Monday, August 21, 2017

THE BODYGUARD (1992) - **

Rated R for language
Running time: 129 min.
Release date: November 25, 1992

The Bodyguard is a romance disguised as a thriller, where the romance is between two characters from vastly different worlds and the thriller comes in the form of perceived danger pretty much everywhere. This was enough for The Bodyguard to make over $400 million at the box office against a $25 million budget. This is an impressive feat, indeed. However, it also shows that people probably need to be more discerning in what films they choose to watch. The film's stars were at the peak of their careers, respectively, and that more than likely contributed to the financial success of The Bodyguard. This film will always get a pass because of the money it made; however, if this film had been a huge flop, the weaknesses would have been that much more glaring.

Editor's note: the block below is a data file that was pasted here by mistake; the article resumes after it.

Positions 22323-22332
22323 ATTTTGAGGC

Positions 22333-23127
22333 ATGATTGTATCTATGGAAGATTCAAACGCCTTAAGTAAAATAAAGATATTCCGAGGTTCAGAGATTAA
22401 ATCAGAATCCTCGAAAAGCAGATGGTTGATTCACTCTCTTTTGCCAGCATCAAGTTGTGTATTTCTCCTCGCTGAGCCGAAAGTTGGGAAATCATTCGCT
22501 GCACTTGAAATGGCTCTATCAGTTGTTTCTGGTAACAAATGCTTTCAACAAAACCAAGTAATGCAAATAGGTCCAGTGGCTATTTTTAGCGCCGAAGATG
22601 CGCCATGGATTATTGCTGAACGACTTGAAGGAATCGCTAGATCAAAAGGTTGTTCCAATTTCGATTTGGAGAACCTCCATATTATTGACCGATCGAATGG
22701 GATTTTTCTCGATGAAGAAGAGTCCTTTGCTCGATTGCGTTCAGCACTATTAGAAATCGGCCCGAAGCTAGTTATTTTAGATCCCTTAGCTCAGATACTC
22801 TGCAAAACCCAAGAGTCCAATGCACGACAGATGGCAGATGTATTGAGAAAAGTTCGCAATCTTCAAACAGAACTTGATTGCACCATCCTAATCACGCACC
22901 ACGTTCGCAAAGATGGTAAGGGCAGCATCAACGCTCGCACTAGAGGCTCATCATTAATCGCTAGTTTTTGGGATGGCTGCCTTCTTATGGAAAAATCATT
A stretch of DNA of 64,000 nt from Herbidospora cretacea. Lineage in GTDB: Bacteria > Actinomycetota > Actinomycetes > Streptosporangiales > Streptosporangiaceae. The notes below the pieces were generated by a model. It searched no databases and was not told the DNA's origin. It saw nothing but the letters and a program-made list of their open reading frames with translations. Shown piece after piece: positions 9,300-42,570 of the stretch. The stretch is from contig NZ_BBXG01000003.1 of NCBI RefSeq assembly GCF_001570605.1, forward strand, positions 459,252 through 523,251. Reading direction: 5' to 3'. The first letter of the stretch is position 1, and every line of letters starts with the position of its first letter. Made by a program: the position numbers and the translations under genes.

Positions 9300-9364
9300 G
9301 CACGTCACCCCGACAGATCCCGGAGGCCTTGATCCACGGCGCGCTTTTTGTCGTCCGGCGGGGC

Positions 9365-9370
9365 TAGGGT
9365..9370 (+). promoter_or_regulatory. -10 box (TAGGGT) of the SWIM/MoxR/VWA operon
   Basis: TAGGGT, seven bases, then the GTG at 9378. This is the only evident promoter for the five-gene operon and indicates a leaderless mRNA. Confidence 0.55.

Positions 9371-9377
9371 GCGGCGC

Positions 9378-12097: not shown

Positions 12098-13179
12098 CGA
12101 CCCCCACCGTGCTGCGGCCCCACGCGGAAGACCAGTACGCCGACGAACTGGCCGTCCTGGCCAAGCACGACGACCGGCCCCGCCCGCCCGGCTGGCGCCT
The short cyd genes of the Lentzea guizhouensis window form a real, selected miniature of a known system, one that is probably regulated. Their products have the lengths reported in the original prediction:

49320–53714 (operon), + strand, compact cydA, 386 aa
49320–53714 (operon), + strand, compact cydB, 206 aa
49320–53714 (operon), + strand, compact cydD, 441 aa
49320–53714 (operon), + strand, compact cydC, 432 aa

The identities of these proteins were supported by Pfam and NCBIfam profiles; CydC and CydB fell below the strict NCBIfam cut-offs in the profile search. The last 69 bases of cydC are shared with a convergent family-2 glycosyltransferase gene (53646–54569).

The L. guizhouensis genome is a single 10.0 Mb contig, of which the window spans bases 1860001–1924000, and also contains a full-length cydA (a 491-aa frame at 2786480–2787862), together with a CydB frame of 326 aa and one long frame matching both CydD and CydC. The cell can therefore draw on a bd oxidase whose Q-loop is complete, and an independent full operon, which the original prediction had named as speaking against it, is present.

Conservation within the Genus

Frank Farmer (Kevin Costner) is a successful private bodyguard with a background as a former Secret Service agent. He normally has a personal rule about not working with celebrities, but is approached by Bill Devaney (Bill Cobbs), the manager for huge mega-star, Rachel Marron (Whitney Houston). Marron has been receiving death threats, which she is oblivious to as Devaney and her agent, Sy Spector (Gary Kemp) have been keeping the threats a secret from her. At first, after meeting her in person, Frank refuses to work with her, as she doesn't take him seriously. Eventually, of course, Frank takes the job and works to secure Rachel's home. Naturally, there is conflict between the two as Frank finds his rules being broken repeatedly. During a concert, a riot breaks out and Frank scoops up Rachel and rescues her from harm. This leads to the two of them getting close and Frank let's all barriers down and breaks one of his own rules: he falls in love. Afterward, Frank takes a step back which puts friction between the two of them, and Rachel responds by routinely taking risks with her safety. A phone call from her stalker, however, makes her see the seriousness of the situation, leading Frank to take her and her family to his father's cabin in the mountains. A plot twist is revealed and tragedy occurs but Rachel is undaunted in her determination to attend the Academy Awards where she is nominated for a Best Actress Oscar. The big climax occurs here in a clumsily-handled set-up and payoff. However, let's backtrack a little bit. The first and most glaring aspect of the film to hit on is the actual romance between Frank and Rachel. It is very difficult to believe that Rachel would even fall for straight-laced Frank, and a lot of that has to do with the chemistry between Costner and Houston. There are very few, if any, sparks between the two leads. Not only that, but the nature of their characters doesn't make the romance believable. The action elements of the plot work to a small extent, but there isn't enough to gloss over scenes of cringe-worthy dialogue, a silly fight scene between Costner and Mike Starr in a kitchen, and the relentless frustration of watching Costner attempt acting.